Fibre intake is crucial so that you aren’t eaten by your own microbes

Studying the interaction of fibre, gut microbes and the intestinal barrier system is that if you don't feed them, they can eat you, say researchers

gut-bacteria-2The gut micro biota plays a crucial role in maintaining our body’s overall health. New research shows what happens if we do not feed our gut microbes with the fibre they need to survive.

Our gut micro biota contains at least 1,000 different species of known bacteria, summing up 3 million genes.

We share one third of our gut bacteria with other people, while the composition in our other two thirds is unique to each one of us.

Gut micro biota is important to our health because it contributes to a healthy immune system by acting as a barrier against other harmful microorganisms

It also helps with digesting foods that the stomach and small intestine have not been able to digest, as well as producing some vitamins.

We have always been told by healthcare professionals and nutritionists that fibre is important to a healthy diet.

But new research examines exactly what happens if our intestinal microbes do not receive the appropriate amount of fibre.

Studying the behaviour of gut bacteria in mice

The study was carried out by an international team of researchers led by Eric Martens, Ph.D., associate professor of microbiology at the University of Michigan Medical School, and Mahesh Desai, Ph.D., from the Luxembourg Institute of Health.

Researchers bred mice especially for the study. Mice were born and raised without any gut bacteria of their own. They then received a transplant of 14 bacteria that normally live in the human gut.

Knowing the genetic signature of each bacterium, scientists were able to track the evolution of each one of them over time. They used a germ-free lab facility and genetic techniques that allowed them to see what bacteria were present and active under different dietary conditions.

Researchers infected the mice with a strain of bacteria that is the equivalent of E. coli in humans. Then they examined the impact of diets with varying amounts of fibre, as well as a diet with no fibre at all.

Researchers tried a diet that was 15 per cent fibre, made from minimally-processed grains and plants. They also tried a diet that was rich in prebiotic fibre – a purified form of soluble fibre that is similar to what some processed foods and dietary supplements contain.

Gut microbes really need their fibre

As revealed by the study – published in the journal Cell – the induced infection did not fully spread in mice that received the 15 percent-fiber diet. Their mucus layer remained thick, protecting them against the infection.

But when scientists replaced the diet with one that lacked fibres altogether, gut microbes started eating the mucus. Even a few days of fibre deprivation led the bacteria to start invading the colon wall.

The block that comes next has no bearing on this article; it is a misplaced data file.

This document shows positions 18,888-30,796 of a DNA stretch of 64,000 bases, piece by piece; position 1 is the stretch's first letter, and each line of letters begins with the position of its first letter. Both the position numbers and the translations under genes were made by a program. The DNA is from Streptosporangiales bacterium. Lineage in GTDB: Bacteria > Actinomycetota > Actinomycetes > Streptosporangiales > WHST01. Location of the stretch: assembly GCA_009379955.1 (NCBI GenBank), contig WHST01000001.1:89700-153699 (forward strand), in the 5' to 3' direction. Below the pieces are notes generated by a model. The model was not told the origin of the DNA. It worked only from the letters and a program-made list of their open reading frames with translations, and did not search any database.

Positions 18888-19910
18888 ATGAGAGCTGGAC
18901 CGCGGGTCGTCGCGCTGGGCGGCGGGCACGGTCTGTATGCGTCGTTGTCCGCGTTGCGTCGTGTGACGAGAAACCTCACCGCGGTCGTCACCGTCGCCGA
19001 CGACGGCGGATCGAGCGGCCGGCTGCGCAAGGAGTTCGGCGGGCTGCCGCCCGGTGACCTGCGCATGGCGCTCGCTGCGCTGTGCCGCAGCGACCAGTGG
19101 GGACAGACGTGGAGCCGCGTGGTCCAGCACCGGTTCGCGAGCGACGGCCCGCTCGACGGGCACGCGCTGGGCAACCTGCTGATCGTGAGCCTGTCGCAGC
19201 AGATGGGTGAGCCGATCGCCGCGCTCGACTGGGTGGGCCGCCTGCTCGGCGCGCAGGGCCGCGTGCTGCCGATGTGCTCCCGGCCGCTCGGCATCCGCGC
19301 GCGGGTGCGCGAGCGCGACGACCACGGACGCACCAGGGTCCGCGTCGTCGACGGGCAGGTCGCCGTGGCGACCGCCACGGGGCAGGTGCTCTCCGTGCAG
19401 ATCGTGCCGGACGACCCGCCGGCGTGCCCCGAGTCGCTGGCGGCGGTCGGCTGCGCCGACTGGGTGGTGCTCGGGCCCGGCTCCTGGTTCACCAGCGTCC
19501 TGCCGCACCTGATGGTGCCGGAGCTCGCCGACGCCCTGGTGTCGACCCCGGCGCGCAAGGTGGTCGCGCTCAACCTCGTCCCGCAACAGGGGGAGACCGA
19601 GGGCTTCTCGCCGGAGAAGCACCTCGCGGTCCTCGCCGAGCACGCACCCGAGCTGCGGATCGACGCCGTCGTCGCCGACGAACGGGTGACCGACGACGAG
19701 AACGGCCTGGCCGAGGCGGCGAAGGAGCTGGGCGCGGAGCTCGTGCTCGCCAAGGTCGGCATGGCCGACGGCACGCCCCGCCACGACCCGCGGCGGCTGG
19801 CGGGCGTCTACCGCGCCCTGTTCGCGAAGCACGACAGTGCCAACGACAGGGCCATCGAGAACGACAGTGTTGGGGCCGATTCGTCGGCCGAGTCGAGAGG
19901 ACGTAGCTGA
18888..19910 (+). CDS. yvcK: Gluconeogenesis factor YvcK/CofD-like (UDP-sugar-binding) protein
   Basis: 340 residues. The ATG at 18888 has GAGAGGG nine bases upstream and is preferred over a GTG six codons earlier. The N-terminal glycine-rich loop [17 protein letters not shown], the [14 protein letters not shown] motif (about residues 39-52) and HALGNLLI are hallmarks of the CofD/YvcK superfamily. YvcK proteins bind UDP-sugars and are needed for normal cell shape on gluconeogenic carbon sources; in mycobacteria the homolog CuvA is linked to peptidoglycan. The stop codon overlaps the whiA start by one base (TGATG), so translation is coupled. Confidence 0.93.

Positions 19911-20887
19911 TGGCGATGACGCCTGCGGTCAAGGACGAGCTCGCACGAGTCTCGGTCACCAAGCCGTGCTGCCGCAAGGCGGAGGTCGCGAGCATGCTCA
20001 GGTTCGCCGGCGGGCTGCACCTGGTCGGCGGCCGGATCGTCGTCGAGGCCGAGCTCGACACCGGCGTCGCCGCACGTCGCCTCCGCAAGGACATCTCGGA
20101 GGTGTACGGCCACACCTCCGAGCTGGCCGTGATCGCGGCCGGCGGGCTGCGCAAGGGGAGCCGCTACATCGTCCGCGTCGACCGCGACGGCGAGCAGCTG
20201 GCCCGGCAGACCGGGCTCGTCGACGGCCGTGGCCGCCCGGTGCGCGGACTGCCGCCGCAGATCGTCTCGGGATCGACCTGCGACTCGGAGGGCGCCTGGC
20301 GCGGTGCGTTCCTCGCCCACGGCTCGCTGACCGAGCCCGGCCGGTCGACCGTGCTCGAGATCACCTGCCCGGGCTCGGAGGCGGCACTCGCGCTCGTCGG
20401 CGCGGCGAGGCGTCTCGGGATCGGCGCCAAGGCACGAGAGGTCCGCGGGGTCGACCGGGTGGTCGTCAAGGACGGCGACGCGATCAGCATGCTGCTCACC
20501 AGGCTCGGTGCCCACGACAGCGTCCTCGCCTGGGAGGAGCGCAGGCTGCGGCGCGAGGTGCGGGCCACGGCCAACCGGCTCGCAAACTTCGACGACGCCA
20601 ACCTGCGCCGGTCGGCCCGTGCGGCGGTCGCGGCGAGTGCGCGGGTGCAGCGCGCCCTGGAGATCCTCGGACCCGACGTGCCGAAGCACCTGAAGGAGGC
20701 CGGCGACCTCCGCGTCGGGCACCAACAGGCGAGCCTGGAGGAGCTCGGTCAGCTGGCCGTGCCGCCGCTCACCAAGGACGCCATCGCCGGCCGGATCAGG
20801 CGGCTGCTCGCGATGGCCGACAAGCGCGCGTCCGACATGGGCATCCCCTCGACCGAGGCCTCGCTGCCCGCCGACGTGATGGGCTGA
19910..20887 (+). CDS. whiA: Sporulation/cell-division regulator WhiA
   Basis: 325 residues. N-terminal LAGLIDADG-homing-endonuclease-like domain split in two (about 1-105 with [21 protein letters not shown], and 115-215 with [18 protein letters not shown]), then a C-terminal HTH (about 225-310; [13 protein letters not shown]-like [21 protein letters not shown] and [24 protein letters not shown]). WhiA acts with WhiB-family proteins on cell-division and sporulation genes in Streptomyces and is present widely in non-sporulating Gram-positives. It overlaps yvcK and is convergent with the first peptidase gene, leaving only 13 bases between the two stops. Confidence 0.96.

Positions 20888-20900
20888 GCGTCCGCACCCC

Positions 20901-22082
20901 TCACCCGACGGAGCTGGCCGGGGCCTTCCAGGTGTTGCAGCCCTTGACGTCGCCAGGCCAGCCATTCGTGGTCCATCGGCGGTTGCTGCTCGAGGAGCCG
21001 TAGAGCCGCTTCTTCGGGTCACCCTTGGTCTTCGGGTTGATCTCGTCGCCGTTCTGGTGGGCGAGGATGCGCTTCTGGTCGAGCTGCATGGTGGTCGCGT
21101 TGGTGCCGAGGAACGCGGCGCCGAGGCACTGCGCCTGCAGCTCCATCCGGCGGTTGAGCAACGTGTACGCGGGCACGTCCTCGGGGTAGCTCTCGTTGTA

Gut microbes rely on fibre for their food, and when they do not get it, they start eating away at your gut. This makes the gut more prone to infections.

The diet rich in supplement-like prebiotic fibre had the same results as the diet lacking fibre completely. The mucus layer started eroding as a result of the action of microbes.

“The lesson we’re learning from studying the interaction of fibre, gut microbes and the intestinal barrier system is that if you don’t feed them, they can eat you.”

Researchers were also able to see what fibre-digesting enzymes the bacteria were making. They found 1,600 different enzymes that digest carbohydrates – a complexity similar to the one found in the human gut.

A lack of fibre also triggered a higher production of such mucus-degrading enzymes.

Scientists were able to look at images of the “goblet” cells on the colon wall that produce mucus. They could clearly see how the mucus layer got progressively thinner as the mice received less fibre.

In a normal gut, mucus is being produced and degraded at a steady pace. But on a fibre-deprived diet, mucus was degraded at a much higher pace than it was produced.

Examining the gut tissue of infected mice, researchers were able to see inflammation across a wide area of thinning, and even patchy tissue.

Infected mice that received a diet rich in fibre also displayed inflammation but across a much smaller area.

Future research to study different diets

In the future, Martens and Desai hope to study the effect of different prebiotic combinations over a longer period of time, as well as the impact of an intermittent natural fibre diet.

Researchers would also like to find the biomarkers that signal the state of the mucus layer in human guts, such as the number of mucus-degrading bacteria.

Martens and Desai also wish to study the impact of a low-fibre diet on chronic illnesses such as inflammatory bowel disease.

“While this work was in mice, the take-home message for humans amplifies everything that doctors and nutritionists have been telling us for decades: Eat a lot of fibre from diverse natural sources.

Your diet directly influences your micro biota, and from there it may influence the status of your gut’s mucus layer and tendency toward disease. But it’s an open question of whether we can cure our cultural lack of fibre with something more purified and easy to ingest than a lot of broccoli.”

Source: Medical News Today